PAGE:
Sample Material of Current Public Administration Magazine
::The New Front::
- In October 2014, the US Department of Defense constituted a task force
under the Defense Science Board to “consider the requirements for effective
deterrence of cyber attacks”. The report, submitted in February 2107, has
this to say in its introduction: “The unfortunate reality is that, for at
least the next decade, the offensive cyber capabilities of our most capable
adversaries are likely to far exceed the United States’ capability to defend
key critical infrastructure.”
- Coming from a country which is today the best prepared to deal with all
aspects of cyber warfare, this statement should serve as a grim reminder of
the seriousness of this threat. As “Digital India” grows, vulnerabilities
will only increase. A 2017 study conducted by Symantec found that India
ranked fourth in online security breaches, accounting for over 5 per cent of
global threat detections.
- Cyber threats can manifest in many ways but what is visible on an almost
daily basis are cyber crimes, cyber theft, cyber espionage, cyber intrusions
etc. These are relatively low-end threats but seem to occupy all our
attention. It is for this reason that we hear official statements about how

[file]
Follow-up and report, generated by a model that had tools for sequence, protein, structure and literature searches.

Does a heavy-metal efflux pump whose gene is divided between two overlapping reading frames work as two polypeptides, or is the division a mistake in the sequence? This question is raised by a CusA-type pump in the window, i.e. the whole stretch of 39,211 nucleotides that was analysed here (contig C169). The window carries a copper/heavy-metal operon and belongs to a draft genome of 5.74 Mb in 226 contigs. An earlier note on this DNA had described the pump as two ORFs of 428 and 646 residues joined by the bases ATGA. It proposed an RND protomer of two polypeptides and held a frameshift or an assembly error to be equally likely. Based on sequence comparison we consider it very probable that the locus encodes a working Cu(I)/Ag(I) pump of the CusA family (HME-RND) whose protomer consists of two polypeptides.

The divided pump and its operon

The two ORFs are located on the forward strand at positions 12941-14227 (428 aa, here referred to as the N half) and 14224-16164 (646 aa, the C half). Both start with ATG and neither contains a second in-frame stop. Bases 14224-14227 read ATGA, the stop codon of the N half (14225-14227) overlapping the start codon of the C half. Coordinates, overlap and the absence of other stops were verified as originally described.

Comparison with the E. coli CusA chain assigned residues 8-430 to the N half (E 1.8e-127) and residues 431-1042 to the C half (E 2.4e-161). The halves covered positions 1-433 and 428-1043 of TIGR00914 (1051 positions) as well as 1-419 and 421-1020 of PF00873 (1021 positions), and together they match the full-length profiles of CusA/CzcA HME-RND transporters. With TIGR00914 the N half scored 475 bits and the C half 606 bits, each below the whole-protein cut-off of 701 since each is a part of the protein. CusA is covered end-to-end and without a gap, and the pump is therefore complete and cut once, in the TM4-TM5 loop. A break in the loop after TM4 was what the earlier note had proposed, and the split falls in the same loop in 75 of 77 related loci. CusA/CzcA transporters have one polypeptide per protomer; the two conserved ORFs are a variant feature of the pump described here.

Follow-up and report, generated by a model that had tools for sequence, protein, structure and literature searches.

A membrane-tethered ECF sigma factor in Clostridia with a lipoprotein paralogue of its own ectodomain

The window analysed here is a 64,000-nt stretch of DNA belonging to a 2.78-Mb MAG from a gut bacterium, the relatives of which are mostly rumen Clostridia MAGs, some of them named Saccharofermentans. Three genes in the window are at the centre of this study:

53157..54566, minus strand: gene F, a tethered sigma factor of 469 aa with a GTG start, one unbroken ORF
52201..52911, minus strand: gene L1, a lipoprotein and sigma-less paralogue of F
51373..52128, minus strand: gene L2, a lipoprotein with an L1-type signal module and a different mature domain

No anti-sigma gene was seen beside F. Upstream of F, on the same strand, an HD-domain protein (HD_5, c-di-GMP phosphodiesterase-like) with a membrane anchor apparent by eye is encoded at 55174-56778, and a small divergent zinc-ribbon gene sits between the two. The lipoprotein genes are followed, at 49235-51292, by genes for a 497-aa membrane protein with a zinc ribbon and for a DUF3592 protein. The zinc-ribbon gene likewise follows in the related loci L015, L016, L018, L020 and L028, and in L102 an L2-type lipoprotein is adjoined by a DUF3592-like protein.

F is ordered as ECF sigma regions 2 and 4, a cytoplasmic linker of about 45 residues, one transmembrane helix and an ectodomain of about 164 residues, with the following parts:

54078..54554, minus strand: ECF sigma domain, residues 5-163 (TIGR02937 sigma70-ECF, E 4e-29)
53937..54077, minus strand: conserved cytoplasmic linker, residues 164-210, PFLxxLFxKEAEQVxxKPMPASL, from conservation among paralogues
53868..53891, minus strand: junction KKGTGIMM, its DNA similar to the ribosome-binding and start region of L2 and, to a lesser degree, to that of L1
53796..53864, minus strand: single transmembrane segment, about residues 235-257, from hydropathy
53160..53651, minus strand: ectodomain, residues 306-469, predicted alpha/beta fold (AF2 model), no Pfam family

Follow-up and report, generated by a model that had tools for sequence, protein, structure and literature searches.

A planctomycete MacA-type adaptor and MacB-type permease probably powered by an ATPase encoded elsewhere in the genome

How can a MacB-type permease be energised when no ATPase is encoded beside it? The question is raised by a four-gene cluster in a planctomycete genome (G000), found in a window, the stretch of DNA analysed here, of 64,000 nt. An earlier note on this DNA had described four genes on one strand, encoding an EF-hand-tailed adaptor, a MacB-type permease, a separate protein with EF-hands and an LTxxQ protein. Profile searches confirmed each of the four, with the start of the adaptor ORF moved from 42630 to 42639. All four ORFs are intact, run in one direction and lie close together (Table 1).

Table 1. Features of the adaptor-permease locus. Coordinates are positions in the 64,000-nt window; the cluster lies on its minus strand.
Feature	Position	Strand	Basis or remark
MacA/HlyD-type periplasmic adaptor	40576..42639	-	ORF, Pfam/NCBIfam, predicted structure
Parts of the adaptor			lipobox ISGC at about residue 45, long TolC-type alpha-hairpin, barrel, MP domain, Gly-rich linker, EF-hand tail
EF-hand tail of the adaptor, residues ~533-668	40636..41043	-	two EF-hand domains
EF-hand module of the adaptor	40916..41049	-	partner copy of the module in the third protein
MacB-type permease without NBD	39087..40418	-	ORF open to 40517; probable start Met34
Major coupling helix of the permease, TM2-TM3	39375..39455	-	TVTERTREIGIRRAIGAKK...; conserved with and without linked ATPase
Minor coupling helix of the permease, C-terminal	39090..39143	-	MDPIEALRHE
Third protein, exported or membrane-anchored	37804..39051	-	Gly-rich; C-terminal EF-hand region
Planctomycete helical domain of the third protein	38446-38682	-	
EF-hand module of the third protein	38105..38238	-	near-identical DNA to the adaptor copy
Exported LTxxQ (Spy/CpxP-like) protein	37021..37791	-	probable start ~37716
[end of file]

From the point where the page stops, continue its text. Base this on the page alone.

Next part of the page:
initiatives like the National Critical Information Infrastructure Protection
Centre (NCIIPC) and the appointment of a National Cyber Security Coordinator
have improved our ability to deal with cyber attacks. This is only the tip
of the iceberg and is lulling us into a false sense of complacency.
- Criminal hackers can certainly cause data breaches and financial loss,
and countering them is important, but these are not attacks which threaten
the security of a country. The real danger to India lies in targeted cyber
attacks coming from adversarial nation states. Countries like China can
bring immense assets to bear in carrying out sophisticated cyber attacks.
The success of Stuxnet, which damaged the Iranian centrifuge facility at
Natanz, lay in the fact that it was an international operation involving the
CIA, NSA and Israel’s Unit 8200. The highly sophisticated malware used an
unprecedented five zero-day exploits and was tested on a dummy set of
centrifuges built for this purpose. Such capability is not available with
groups of hackers.
- If, and it appears increasingly likely, cyber warfare is going to become
a regular part of the arsenal of nations, there is a need to visualise how
this war will be fought and under whose responsibility. Let me attempt to
decode this briefly.
- The three main components of any national strategy to counter cyber
threats are defence, deterrence and exploitation. Critical cyber
infrastructure needs to be defended and the establishment of the NCIIPC is a
good step in this direction but individual ministries and private companies
must also put procedures in place to honestly report breaches. It is only
then that the NCIIPC can provide the requisite tools to secure these
networks. This partnership must be transparent and not mired in the usual
secrecy of intelligence organisations.
- However, as brought out at the beginning of this article, there are
limits to defending as the dice are loaded in favour of offensive